Grand Round reservation, 18__

Grand Round agency

Albert B. Meacham (1826-1882) is remembered as one who was energetically sympathetic to the Native people of the Pacific Northwest.

He was the superintendent (1869-1872) over several reservations, including the one he consistently called “Grand Round” as the locals there still do. My readers will recognize this as the home of the Grand Ronde Tribes, whose 2012 dictionary of creolized Chinuk Wawa I often refer to.

Meacham’s book, “Wigwam and War-Path, or, The Royal Chief in Chains” (Boston: JP Dale & Co., 1875) is a veritable respite, for the present-day reader, from the almost omnipresent White thoughtlessness toward Indians that percolates through 19th-century eyewitness tellings. Mind you, he was a US government Indian official, and he was a Christian minister, so his entire official purpose amounted to colonization. But you sense this guy’s sincere soul with every page you turn.

A gauge that I may be the only person in the world to apply to a person’s character is: “How well did he hear Chinuk Wawa?” I never tire of listening to oral-history tapes, or reading old memoirs, in hopes of being visited with surprise and delight at someone’s replicating recognizably fluent Jargon. Because like every language, speakers of the Jargon have always spanned a spectrum from the halting to the full master of the speech community’s norms. Meacham, a Washington Territory pioneer of 1863 who soon moved over to Oregon, must have possessed quite an understanding of this language, since what he quotes in this book, albeit limited in length, is excellent. And it’s written in spellings of his own, showing he was working from memory, not from anyone else’s material. It’s also riddled with the crazy punctuation that we see in the folksiest writing of Jargon, as though in an attempt to faithfully capture details of intonation and cadence — I can only imagine.

This makes me see him in a little rosier light 🙂

In the springtime of 1863 at the Trading Post on the Umatilla Indian Reservation in eastern Oregon, Meacham records an incident between a local and a raw newcomer from Ireland. Here we add to our list of nonhumans known to understand Chinuk Wawa (in my previous posts, I’ve shown that woodrats and Thunderbird are fluent):

A stalwart son of Erin, standing against the wall
of the store to “rest his pack,” afler looking at the
trail leading up the mountain, said to the merchant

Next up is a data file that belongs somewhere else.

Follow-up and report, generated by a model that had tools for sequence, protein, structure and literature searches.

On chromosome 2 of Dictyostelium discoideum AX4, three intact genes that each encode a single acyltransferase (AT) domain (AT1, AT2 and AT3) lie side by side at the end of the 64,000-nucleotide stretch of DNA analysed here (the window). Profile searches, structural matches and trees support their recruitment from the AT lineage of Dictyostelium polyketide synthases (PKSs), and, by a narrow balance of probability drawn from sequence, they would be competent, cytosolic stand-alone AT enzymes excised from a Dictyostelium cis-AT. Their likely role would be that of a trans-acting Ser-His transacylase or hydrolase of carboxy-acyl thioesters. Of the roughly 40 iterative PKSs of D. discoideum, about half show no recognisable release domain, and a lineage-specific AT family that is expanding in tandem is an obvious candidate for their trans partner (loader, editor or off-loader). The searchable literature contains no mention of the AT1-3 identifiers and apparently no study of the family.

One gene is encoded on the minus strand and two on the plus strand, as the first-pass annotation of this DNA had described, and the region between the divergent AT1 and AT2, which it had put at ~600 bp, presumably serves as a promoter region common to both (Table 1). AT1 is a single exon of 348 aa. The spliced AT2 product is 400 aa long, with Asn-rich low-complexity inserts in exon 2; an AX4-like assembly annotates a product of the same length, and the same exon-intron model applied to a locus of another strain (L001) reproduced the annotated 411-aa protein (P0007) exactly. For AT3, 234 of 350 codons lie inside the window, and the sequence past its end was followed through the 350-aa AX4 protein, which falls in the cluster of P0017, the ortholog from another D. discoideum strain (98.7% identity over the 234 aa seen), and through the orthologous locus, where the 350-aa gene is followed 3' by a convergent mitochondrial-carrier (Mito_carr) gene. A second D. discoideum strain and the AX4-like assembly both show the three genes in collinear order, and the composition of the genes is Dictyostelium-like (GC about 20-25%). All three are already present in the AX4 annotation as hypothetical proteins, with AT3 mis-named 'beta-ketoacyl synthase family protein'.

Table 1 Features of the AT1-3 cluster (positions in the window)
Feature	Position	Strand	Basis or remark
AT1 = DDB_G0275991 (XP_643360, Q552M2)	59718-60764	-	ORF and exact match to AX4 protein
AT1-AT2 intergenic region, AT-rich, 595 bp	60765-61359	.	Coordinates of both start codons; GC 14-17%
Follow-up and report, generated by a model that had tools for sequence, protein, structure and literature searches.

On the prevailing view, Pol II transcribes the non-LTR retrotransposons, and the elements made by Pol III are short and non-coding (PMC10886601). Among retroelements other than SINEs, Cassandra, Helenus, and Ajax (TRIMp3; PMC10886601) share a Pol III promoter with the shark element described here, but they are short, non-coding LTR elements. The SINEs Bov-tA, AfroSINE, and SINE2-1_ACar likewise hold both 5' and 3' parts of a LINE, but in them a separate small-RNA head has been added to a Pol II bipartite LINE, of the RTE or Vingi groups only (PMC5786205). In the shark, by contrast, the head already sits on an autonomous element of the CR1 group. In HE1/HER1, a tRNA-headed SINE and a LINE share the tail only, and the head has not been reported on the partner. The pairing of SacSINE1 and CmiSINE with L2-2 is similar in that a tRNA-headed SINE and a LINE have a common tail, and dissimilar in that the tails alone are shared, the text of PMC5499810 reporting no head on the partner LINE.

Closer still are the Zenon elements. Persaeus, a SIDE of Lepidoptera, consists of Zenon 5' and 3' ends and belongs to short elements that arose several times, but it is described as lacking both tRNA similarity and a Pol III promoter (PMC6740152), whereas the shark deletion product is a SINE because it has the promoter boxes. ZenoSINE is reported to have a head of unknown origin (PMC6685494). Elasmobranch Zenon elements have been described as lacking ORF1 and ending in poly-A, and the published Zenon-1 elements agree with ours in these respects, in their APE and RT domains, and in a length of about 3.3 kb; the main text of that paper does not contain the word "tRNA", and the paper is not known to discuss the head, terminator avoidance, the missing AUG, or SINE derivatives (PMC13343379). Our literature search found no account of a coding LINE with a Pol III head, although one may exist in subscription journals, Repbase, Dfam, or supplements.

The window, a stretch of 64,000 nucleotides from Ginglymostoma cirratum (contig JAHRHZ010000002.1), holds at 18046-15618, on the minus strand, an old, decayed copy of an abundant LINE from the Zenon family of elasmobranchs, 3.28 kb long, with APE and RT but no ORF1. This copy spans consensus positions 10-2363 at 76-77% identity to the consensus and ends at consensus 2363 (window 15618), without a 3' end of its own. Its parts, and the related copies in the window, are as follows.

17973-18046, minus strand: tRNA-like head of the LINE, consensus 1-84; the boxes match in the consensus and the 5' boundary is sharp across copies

doing business there…”By the howly
St. Patrick, if me own mother was here in the shape
of a mule, I’d ride her up that hill, sure! I say, Mis-
ther Injun, wouldn’t you sell us a bit of a pony for to
carry our blankets an’ things over the mountain with?”

The Indian had been in business long enough to
understand that [much English], and replied, “Now-wit-ka mi-ka pot-
luctch. Chic-a, mon, ni-ka is-cum, cu-i-tan ! “ — “Och !
Mister Injun, don’t be makin’ fun of a fellow, now, will
ye? It’s very sore me feet is, a-carrying me pick and
pan and cooking-traps. Why don’t you talk like a
dacent American gentleman?” — “Wake-ic-ta-cum-
tux,” said Tip-tip-a-noor, the Indian. “Don’t be play-
in’ your dirty tongue on me now, or I’ll spoil your
beautiful face so I will.”

Drawing his arms out of the straps that had kept
the pack in position on his shoulders, and lowering it
“aisy,” to save the bottle, he began to make demon-
strations of hostile character, when Mr. Flippin, the
post-trader, explained that Tip-tip-a-noos had replied
to his first request, “Yes, you show the money, and I
will furnish the horse;” and he had replied to the
second, “I don’t understand you.” — “And is that all
he says? Shure, he is a nice man, so he is…”

…soon Tip-tip-a-noos brought a small pinto cal-
ico-colored horse; and after some dickering the trade
was completed by Pat, through pantomimic signs, giv-
ing Tip to understand, that if he would follow
down into the gulch, out of sight of Flip. he would
give him a bottle of whiskey, in addition to the twenty

The pony was turned over to Pat and Mike. The
next move was to adjust the packs on the Cayuse.
This was not easily done. First, because the pony
did not understand Pat’s jargon; second, they had not
reckoned on the absence of a pack-saddle.